I tried to conjure an image of the hands that had chipped, so expertly, until this triangle, a form at once unfathomably ancient, life-giving, and deadly, emerged. It was probably a man, probably older than most in his tribe— let's say he had an arthritic knee. A claw strung onto his necklace.


Now for the Kickapoo ambassadors to the Maximilian, the Emperor of Mexico, in 1865. The Kickapoo ambassadors actually came to Mexico City from Coahuila in the north [of Mexico], below the Texas border. The Kickapoos roamed over a vast region, including what is today Far West Texas.

There is a splendid and very strange painting by French artist Jean Adolphe Beaucé which shows the ambassadors in feathers and faces painted red as Maximilian, in his top coat and splendid red beard, and Carlota, wearing gray gloves, receive them. On the back wall loom the portraits of Louis Napoleon and Eugenie, Emperor and Empress of France, whose army had conquered Mexico for this monarchy.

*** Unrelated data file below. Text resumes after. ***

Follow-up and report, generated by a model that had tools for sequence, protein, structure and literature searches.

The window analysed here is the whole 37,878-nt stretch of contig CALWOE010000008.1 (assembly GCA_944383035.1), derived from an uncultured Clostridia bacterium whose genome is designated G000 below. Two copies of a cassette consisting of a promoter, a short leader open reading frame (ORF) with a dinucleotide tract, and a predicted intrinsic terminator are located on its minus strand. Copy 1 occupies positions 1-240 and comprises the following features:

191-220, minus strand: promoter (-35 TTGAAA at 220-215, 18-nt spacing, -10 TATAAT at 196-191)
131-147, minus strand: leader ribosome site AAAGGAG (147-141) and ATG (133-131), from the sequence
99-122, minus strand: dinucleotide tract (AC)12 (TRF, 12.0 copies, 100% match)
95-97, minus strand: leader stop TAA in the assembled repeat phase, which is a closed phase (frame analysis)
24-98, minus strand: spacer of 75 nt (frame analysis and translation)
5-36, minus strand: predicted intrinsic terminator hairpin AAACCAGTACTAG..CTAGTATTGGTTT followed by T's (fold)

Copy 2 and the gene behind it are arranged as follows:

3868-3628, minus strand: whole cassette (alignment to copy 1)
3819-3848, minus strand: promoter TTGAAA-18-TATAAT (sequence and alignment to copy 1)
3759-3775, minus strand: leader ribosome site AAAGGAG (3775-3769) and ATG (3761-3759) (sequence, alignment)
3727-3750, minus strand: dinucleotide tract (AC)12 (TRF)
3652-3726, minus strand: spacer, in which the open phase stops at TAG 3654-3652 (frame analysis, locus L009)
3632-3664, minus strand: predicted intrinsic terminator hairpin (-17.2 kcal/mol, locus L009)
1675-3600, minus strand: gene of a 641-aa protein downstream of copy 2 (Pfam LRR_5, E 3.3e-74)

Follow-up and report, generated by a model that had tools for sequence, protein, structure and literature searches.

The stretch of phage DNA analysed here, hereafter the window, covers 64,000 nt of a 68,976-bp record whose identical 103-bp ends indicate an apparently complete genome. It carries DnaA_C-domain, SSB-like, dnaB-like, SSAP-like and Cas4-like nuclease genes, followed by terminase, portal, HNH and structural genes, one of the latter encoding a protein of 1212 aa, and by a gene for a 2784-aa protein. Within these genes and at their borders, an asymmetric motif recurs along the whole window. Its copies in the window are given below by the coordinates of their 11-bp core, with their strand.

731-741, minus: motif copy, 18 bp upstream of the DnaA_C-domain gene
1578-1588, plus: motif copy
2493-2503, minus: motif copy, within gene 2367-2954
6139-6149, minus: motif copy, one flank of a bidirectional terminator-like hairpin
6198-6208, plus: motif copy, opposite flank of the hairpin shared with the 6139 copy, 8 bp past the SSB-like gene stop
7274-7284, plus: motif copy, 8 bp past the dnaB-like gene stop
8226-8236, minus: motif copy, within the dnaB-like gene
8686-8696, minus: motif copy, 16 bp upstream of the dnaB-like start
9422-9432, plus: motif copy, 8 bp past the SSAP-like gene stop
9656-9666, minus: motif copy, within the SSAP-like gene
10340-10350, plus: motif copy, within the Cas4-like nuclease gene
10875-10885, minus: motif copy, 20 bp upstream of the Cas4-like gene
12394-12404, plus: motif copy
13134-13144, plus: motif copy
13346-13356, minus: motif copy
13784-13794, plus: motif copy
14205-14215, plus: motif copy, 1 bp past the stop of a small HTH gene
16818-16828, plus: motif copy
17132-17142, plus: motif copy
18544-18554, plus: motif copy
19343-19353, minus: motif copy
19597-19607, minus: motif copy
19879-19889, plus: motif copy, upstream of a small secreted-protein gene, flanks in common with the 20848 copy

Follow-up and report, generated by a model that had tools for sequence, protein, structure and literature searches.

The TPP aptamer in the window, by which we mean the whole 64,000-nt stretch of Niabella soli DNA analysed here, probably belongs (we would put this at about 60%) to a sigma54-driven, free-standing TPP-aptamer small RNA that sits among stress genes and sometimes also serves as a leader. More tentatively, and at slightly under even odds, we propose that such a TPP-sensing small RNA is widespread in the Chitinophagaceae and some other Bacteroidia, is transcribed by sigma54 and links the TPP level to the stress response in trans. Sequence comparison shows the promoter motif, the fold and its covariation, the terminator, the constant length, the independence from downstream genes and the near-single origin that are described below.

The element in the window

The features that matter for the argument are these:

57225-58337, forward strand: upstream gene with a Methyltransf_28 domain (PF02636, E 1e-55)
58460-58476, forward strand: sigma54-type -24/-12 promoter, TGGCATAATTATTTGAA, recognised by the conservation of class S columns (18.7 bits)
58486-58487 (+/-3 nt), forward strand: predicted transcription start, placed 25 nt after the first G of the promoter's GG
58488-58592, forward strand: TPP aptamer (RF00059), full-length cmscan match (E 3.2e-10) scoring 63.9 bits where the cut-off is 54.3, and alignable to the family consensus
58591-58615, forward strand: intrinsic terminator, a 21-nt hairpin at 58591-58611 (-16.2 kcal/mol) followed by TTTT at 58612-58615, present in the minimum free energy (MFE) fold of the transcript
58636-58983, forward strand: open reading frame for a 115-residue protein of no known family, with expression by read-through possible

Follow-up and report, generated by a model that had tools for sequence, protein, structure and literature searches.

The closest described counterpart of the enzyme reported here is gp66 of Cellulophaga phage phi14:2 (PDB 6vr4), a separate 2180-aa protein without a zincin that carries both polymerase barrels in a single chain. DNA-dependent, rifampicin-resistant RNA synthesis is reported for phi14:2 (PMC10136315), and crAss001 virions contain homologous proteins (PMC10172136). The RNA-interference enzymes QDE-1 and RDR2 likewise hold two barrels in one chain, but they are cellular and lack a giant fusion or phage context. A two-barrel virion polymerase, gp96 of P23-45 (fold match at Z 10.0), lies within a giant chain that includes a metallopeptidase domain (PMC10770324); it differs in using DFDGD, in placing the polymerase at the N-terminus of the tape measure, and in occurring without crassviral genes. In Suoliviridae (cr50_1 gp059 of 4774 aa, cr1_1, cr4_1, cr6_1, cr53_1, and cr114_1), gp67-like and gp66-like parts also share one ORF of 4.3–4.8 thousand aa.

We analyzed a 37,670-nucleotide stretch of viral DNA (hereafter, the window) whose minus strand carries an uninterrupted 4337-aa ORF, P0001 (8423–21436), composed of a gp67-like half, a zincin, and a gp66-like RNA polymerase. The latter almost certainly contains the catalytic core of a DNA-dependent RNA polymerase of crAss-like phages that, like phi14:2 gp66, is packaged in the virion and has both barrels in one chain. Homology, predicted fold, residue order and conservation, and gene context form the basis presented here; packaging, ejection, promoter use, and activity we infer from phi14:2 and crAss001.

I have written about Maximilian and Carlota in two works, my novel, The Last Prince of the Mexican Empire, and a long essay, "From Mexico to Miramar or, Across the Lake of Oblivion," what I call a nonfiction novela about a fairytale, a visit to the Emperor of Mexico's castle in Italy. All of which is to say, I'm pretty familiar with the history of Maximilian and Mexico's so-called French Intervention or Second Empire of the 1860s, which roughly— very roughly—corresponded to the period of the U.S. Civil War. So I was surprised and delighted to come across something entirely new to me, which was Susanne Igler's translation from the German into the Spanish, with Mexican historian Amparo Gómez Tepexicuapán's introduction to the memoirs of Maximilian's gardener, the botanist Wilhelm Knechtel.